It's also worth noting that, in addition to a state sales tax, many places also have a county sales tax and a city sales tax. For example, in Chicago, the combined sales tax from all sources is 10.25%. In other words, the sales tax research you conduct should probably be at the city level rather than the state level.

4. Financial health of the state

Thus far we have focused on current taxes, but what about future tax rates? Yogi Berra famously said, “It’s tough to make predictions, especially about future tax rates.” Well, to be truthful, that wasn’t the exact quote, but it is true that future tax rates are very difficult to predict.

One thing you can do is examine the health of the state pension systems where you are thinking about moving. According to Moody’s Investor Service and Wirepoints, the states with the highest level of unfunded pension debts include Connecticut, Illinois, Alaska, New Jersey, and Hawaii, each of which has unfunded state pensions at a level of more than 20% of their state GDP. If you are considering a move to one of those states, you are more likely to experience tax increases in the future, given the enormous financial obligations of these states.

5. Overall cost of living

We have already discussed taxes and the cost of housing, but it’s worth getting your arms around your budget to determine the extent to which your annual living expenses might increase or decrease in your new location. Food costs, parking costs, healthcare costs, and transportation costs can vary by location. Depending on your financial situation, it may not be necessary for your living costs to decline, although many retirees choose to move in part to reduce their annual living expenses. If your costs are going to rise, that should be okay as long as you have the financial wherewithal to fund a larger expense budget. Just make sure you have accounted for these differences before making your move.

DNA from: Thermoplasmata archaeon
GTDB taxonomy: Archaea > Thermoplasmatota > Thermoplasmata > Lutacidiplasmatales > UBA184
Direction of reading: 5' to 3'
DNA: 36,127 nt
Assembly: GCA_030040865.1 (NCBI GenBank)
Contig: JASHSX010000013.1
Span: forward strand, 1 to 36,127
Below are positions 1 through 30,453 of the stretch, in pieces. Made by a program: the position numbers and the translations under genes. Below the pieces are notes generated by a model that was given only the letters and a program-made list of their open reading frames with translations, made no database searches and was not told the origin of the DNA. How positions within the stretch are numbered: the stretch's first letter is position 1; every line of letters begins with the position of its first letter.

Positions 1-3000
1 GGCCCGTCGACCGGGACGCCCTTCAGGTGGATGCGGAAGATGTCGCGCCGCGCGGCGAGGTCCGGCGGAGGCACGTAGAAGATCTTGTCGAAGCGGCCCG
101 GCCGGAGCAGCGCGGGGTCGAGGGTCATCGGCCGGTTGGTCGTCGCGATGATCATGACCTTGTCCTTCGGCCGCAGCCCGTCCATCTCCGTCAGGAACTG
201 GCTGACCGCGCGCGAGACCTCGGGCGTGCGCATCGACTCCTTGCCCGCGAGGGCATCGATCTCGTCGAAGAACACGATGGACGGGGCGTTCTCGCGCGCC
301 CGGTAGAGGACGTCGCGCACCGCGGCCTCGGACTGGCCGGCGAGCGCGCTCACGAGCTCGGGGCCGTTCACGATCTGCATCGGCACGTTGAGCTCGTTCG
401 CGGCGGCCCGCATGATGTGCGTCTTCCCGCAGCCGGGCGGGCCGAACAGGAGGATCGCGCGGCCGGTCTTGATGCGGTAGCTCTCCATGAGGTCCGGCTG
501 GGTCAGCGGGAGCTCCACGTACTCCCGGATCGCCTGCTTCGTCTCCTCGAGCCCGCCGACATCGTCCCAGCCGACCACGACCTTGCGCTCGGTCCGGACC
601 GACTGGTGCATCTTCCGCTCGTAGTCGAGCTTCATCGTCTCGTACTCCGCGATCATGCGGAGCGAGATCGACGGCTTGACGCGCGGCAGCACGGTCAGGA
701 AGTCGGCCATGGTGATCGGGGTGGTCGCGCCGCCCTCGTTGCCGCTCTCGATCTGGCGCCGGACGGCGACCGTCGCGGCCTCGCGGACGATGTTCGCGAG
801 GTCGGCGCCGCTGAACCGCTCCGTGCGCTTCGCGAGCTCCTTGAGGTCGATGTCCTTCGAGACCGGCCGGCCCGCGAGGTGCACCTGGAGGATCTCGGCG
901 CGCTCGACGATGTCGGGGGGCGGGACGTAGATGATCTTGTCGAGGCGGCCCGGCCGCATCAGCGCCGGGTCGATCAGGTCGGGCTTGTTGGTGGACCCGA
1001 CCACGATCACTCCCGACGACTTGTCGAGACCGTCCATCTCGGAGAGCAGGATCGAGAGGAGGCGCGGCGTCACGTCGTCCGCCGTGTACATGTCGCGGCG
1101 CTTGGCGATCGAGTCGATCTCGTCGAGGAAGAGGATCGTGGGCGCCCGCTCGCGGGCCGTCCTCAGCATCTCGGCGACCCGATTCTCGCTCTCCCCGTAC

6. Estate planning considerations

Thus far we have talked much about the financial implications of living in a particular state, but there are also important financial implications of dying in a particular state. It’s a morbid topic, but it’s an important topic, and you shouldn’t move anywhere without having your eyes wide open about the estate planning considerations of your move. If this is going to be your last move, it’s likely that the laws of your new state will apply to your estate after you pass away. If you are a high-net-worth individual, this is a consideration that might be especially important for you.

The good news is that many states do not have an estate or gift tax, which means your estate and gifts will only be subject to Federal tax laws. However, if you are considering a move to Washington, Oregon, Nebraska, Iowa, Illinois, Minnesota, Kentucky, or any state to the northeast of West Virginia, you will want to speak with an estate planning attorney to help you understand the estate and gift tax implications of your move. All of these states levy an estate tax or gift tax at the state level.

Before you place a bid on that beautiful retirement home, make sure you sharpen your pencil and do your financial planning homework. If you need help figuring this out, you might want to engage with a financial advisor to help you research and model the impact on your future retirement plans. Moving to a new location in retirement is an important decision, and you won’t want to make one that creates financial regret for yourself or your family.


This article was written by Adam Strauss from Forbes and was legally licensed through the Industry Dive publisher network. Please direct all licensing questions to